“They are trying to help other people in the industry succeed and move to the next level, and they are happy to share how to get there,” she says.

Planning the program

The NPMA’s Technology Committee is the Technology Summit’s driving force. Its members — tech-savvy PMPs and software manufacturers focused on the pest management industry — determined the topics for the educational sessions. They used feedback from PesTech attendees as well as their own experiences.

“The technology committee talked through the challenges they were having within their businesses or the successes they were having, and that’s how they got the general topics for the program,” she says. “It comes right out of people dealing with these exact issues or triumphs or challenges.”

Each day of this year’s Technology Summit will kick off with a special general session led by tech-savvy experts specializing in tech tools and apps, innovation and company growth, and targeting customers in the digital age.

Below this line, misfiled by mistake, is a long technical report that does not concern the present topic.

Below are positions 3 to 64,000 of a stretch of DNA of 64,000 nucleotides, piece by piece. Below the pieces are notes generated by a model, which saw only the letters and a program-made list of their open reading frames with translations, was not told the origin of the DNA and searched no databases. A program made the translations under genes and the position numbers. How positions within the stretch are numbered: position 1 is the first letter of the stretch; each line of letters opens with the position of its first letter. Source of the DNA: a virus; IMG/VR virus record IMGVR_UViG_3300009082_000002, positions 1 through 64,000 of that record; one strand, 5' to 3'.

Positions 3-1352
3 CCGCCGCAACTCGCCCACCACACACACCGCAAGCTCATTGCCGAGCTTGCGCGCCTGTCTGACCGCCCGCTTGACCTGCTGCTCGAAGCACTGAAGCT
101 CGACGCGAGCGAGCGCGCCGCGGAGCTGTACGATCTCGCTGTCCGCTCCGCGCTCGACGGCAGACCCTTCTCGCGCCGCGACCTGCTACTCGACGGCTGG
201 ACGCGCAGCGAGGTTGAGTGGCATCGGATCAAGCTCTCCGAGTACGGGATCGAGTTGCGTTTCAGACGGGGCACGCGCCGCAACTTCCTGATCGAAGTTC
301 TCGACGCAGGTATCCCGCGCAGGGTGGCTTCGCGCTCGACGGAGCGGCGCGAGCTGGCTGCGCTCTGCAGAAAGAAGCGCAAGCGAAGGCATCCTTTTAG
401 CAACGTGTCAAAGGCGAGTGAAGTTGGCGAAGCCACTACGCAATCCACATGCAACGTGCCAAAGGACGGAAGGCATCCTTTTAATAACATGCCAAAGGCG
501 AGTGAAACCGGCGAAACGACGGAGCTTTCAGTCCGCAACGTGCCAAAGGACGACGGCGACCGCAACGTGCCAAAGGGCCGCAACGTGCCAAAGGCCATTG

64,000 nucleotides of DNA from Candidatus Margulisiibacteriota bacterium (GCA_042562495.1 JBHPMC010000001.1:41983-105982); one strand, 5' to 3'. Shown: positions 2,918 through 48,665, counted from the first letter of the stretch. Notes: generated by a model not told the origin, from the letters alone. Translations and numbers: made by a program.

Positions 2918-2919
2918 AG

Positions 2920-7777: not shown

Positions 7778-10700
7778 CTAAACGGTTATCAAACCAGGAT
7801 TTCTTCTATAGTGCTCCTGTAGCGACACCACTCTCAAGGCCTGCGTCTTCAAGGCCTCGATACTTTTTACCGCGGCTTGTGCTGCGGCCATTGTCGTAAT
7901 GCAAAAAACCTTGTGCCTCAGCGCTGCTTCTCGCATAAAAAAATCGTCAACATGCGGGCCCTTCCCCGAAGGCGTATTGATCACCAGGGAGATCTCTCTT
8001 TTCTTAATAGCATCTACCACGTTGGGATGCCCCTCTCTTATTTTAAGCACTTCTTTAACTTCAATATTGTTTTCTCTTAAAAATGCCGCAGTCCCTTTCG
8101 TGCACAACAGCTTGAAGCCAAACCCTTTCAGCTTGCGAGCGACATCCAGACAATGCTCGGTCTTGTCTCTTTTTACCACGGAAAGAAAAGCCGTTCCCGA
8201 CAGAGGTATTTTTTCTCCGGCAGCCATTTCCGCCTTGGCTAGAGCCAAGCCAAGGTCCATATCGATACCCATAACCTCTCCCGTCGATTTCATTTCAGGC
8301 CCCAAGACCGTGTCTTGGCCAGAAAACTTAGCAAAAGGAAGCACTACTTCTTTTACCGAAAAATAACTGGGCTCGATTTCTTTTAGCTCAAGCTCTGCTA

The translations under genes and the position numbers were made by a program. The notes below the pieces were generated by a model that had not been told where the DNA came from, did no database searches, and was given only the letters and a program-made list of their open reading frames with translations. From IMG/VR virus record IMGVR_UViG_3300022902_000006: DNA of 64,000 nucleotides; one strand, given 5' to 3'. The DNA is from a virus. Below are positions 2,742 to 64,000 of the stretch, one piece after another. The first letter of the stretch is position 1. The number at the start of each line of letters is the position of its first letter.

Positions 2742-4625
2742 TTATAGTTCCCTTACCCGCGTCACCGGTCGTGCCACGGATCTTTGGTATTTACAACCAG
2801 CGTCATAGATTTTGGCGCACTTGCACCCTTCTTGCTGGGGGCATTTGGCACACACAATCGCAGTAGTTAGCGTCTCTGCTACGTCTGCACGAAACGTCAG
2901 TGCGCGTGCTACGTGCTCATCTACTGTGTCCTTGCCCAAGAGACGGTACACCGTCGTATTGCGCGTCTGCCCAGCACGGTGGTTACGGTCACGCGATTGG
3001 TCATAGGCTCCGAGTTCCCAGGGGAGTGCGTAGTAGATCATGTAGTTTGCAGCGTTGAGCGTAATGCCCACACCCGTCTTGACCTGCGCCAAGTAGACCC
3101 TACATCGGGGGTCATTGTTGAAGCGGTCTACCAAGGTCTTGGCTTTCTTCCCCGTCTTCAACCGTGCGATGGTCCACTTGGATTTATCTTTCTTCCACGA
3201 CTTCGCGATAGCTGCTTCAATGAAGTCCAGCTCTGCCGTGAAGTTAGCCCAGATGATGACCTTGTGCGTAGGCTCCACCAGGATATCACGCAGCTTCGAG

“We have keynote speakers who come from outside the pest management industry,” Wirtz says. “They have expertise in technology, so attendees will have the ability to get a global look at technology in other industries.”

After each keynote address, presenters will give attendees an opportunity to discuss in a group setting what they just learned.

“It’s a great way to have people in the room discuss the topic with those sitting at their table, and bring that big picture thought back into pest management,” she says. “People can ask, ‘How does that affect my business, and what can I do now to either move in that direction or adapt to whatever is coming down the pipeline?’ Because we all know technology is changing every minute, and it’s hard to know how to keep up.”

In addition, tech-savvy PMPs will offer presentations and share how they use technology in their own pest management businesses.